From Calgary, Alberta, Canada:
My 12-year-old daughter was diagnosed at 25 months. My brother was diagnosed at age 12 and recently passed away due to complications of type 1 diabetes at 48. My other brother was diagnosed with type 1 diabetes at age 42 and is experiencing some complications at age 50. His son, diagnosed at age 10 months, was having complications starting at age 15 and is now on full disability because of these complications, at age 21. Is this my daughter's fate or does she have some hope of being healthy? She seems to be quite stable 90% of the time but she has some really difficult days with highs and lows. The term brittle diabetic has been used for both my brothers and my nephew. Does heredity play a part in the stability and eventual complications or is this just luck of the draw? And, if it is heredity, can we change the outcome? I also ask this because she seems to have more problems with illnesses and she seems to have more unstable days than the other children I know who are also type 1 diabetic. Is this because she has been diabetic for so much longer than the other children?
You ask quite excellent but complex questions. Control of glucose levels, average glucose results (and A1c levels) as well as day-to-day glucose variability and glycemic excursions (how high and how low) are all important factors. Genetics also plays a role vis-a-vis susceptibility to the complications associated with high glucose exposure over the years. Smoking, high blood pressure, weight, activity, lipids also are important factors since all these affect the same blood vessels potentially being damaged by the chronic hyperglycemia.
Frequent monitoring and close contact with the diabetes team has been proven to be important factors just as correct carbohydrate counting, timing of insulin and analysis of blood glucose results are all important for optimizing glucose control. You should be sure to ask your diabetes team these questions since they will know more specifically for any individual than general answers.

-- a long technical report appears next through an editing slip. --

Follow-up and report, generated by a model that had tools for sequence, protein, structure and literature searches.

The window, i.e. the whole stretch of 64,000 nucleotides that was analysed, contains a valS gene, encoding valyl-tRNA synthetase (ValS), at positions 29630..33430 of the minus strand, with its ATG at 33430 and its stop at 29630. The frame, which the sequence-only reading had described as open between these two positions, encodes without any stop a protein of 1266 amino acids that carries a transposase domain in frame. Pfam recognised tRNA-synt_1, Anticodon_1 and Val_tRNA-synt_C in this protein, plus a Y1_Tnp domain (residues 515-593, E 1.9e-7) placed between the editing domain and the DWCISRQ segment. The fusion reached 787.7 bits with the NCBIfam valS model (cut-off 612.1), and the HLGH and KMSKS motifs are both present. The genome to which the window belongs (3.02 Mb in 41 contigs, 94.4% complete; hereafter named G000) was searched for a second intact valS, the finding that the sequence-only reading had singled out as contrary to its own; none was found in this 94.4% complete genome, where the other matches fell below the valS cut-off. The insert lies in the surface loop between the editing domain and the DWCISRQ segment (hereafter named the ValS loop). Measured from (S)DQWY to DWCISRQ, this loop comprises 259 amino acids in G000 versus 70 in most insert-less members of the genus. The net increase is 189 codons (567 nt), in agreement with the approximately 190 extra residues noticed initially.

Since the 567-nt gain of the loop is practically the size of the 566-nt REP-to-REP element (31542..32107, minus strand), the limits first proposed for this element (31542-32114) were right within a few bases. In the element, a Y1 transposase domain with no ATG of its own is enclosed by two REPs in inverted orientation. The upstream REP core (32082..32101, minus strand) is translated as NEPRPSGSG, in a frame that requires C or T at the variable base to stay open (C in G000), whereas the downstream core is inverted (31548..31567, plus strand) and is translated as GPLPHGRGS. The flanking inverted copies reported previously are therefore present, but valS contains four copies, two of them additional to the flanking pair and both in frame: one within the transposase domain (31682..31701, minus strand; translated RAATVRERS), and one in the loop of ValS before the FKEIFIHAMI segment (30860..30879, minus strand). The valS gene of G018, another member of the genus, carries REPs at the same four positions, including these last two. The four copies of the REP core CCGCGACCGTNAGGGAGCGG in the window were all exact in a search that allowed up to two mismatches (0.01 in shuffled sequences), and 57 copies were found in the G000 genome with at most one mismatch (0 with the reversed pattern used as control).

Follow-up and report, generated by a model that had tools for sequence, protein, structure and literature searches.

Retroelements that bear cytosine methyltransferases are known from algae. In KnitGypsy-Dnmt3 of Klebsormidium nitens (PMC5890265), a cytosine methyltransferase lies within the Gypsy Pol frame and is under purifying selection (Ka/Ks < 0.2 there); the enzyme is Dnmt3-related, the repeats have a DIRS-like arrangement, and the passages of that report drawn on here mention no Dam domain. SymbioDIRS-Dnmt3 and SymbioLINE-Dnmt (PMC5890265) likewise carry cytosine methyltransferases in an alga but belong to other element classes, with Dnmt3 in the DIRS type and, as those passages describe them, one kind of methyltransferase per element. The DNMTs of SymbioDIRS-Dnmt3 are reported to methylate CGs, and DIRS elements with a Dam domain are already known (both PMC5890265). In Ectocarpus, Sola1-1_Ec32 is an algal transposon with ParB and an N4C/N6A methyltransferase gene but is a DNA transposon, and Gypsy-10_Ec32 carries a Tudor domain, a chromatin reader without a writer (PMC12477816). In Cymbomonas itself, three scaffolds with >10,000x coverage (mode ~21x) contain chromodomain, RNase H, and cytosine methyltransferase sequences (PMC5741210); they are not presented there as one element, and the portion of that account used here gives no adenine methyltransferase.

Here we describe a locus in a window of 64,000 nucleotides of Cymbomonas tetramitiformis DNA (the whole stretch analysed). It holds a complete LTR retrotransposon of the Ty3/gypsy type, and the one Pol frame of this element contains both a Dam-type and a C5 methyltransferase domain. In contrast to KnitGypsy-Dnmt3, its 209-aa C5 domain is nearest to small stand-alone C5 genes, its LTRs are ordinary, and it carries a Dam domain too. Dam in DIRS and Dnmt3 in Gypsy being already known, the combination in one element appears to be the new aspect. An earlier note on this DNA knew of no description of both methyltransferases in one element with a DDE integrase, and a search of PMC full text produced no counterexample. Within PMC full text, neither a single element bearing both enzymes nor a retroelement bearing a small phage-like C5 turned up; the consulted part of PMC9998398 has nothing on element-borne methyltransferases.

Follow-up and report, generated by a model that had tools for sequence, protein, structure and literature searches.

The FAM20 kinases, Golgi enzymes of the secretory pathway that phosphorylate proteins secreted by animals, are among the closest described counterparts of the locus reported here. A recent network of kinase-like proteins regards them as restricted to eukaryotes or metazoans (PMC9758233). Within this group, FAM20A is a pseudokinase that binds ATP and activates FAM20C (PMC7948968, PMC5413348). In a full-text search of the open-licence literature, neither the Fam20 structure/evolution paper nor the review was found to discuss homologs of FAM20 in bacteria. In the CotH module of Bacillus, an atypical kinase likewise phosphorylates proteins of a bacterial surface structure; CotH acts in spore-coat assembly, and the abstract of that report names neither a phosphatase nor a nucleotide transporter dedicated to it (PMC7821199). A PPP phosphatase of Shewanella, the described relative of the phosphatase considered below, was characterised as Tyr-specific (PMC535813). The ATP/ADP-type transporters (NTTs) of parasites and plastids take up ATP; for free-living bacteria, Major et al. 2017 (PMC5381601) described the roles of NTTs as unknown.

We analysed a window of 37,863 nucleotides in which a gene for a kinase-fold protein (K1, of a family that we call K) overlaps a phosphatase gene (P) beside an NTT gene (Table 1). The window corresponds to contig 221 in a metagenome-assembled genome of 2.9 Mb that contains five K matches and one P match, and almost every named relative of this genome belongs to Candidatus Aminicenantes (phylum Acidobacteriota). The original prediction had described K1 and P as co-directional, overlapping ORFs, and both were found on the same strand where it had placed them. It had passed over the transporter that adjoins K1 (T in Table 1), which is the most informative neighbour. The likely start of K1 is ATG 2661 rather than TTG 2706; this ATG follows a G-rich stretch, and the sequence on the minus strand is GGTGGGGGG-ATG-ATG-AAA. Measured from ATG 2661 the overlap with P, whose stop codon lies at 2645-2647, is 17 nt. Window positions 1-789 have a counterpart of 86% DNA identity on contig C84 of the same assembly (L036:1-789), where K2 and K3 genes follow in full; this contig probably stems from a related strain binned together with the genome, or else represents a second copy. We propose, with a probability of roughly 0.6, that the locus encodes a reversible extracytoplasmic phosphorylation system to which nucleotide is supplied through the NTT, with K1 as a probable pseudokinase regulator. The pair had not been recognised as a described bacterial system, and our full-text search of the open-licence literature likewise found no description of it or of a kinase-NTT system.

Ongoing monitoring for complications is also important since early diagnosis often can mean potential treatment. Monitoring for early protein leakage called microalbuminuria can lead to kidney protection when medications such as ACE inhibitors are used. The same can be said for early treatment of retinopathy, early treatment of hypertension, early treatment of low vitamin D levels and early treatment of lipid abnormalities, thyroid problems, celiac disease, etc.
Please go back and review this with your diabetes team so that they can provide more details. We learned from many studies such as the DCCT and EDIC that glucose control is still a key factor and that targeted achievement of glycemia with MDI or pump treatment seems to be the optimal approach coupled with close and frequent contact with the diabetes team, family, home analysis and frequent blood glucose monitoring.
Last Updated: Tuesday February 01, 2011 16:51:36
This Internet site provides information of a general nature and is designed for educational purposes only. If you have any concerns about your own health or the health of your child, you should always consult with a physician or other health care professional.
This site is published by T-1 Today, Inc. (d/b/a Children with Diabetes), a 501c3 not-for-profit organization, which is responsible for its contents. Our mission is to provide education and support to families living with type 1 diabetes.
© Children with Diabetes, Inc. 1995-2016. Comments and Feedback.